In his first interaction with clients and personnel, new Armscor chief executive Advocate Solomzi Mbada has it that “self-sustainability is the way to go”.
This, he says in his first foreword to an Armscor newsletter, is as a result of the continued decline in budget allocations.
“It becomes important we relook our business model and where possible tap into new markets to diversify our offerings. Diversifying is underpinned in our strategy ‘On-Time; In-Time: Towards a Sustainable Future’. The strategy clearly indicates we need to focus on commercialisation and extend our services to a wider client base. We have the potential, expertise and capability to adapt to new environments. These are the dialogues we need to have in our meetings.
“Thinking should change,” he notes, stating “Instead of individuals asking what Armscor can do for them, they should ask what they can do for Armscor,” paraphrasing former US president John F Kennedy.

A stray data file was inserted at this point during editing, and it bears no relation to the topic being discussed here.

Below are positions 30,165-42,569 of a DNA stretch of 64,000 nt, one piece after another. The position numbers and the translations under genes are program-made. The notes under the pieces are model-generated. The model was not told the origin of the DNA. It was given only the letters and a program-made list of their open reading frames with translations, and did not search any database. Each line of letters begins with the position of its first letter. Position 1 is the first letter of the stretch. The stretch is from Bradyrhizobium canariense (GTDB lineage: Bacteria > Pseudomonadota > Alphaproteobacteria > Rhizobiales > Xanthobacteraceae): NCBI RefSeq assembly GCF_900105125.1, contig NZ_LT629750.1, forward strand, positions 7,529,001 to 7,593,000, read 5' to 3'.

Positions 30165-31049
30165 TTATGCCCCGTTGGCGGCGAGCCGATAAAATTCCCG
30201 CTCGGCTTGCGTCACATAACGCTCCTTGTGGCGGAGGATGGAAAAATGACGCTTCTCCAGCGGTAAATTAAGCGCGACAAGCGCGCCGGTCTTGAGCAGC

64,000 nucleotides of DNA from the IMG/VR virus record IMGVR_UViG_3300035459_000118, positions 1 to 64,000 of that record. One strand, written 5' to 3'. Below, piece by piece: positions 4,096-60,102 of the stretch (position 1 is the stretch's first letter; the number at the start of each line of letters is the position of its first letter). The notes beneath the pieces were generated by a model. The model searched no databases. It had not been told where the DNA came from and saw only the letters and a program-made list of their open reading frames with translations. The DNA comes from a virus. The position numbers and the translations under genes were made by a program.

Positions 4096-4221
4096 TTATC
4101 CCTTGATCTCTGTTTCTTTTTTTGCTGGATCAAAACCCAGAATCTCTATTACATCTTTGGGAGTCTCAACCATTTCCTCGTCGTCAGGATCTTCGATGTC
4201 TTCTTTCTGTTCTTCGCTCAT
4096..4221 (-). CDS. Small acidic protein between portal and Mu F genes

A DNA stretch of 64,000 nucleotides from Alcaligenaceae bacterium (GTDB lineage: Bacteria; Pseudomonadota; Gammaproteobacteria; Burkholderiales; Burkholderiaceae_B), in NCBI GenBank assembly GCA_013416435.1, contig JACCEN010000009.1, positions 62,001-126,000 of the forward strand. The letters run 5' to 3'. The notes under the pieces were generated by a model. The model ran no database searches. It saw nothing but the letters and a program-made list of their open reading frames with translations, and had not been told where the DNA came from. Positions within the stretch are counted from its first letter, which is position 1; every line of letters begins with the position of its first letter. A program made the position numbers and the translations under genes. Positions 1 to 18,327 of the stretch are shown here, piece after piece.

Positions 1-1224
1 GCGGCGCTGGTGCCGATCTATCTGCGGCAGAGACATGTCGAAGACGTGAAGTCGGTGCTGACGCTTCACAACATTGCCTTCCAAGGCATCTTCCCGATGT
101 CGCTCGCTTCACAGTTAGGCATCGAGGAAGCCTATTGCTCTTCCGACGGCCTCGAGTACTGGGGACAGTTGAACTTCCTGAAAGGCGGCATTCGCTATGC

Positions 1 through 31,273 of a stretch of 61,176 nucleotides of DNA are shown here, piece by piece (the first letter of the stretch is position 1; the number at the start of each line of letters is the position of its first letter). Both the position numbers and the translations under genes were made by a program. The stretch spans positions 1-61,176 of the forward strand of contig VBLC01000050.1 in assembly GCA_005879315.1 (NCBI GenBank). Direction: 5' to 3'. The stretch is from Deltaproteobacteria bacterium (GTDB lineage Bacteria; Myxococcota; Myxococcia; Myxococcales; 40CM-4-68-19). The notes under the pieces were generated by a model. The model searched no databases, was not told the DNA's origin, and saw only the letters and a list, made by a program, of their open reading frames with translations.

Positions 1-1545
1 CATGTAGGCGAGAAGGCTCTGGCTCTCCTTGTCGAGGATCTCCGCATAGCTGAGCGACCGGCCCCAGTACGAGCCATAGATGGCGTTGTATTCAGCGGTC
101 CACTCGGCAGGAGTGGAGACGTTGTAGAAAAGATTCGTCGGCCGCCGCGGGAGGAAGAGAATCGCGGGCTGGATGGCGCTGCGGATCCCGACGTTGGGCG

“Armscor will continue working closely with the South African defence industry (SADI) and the Department of Defence (DoD) to address challenges facing the industry. We believe we can work together to turn them into opportunities and secure the future of the defence industry.
“Strategic partnerships are key to survival in these tough economic times and Armscor is raising its hand to engage in meaningful conversations.”
Mbada also notes the resignation of Ambassador Thuthukile Skweyiya as Armscor board chair due to “health reasons” and the appointment of former co-chair of Parliament’s joint and standing committees on defence and military veterans as acting chair.
“I have no doubt in Stanley Motimele’s ability to move Armscor forward. This is a critical time for the defence industry and we need to re-align strategic and take tough decisions to remain relevant,” he said.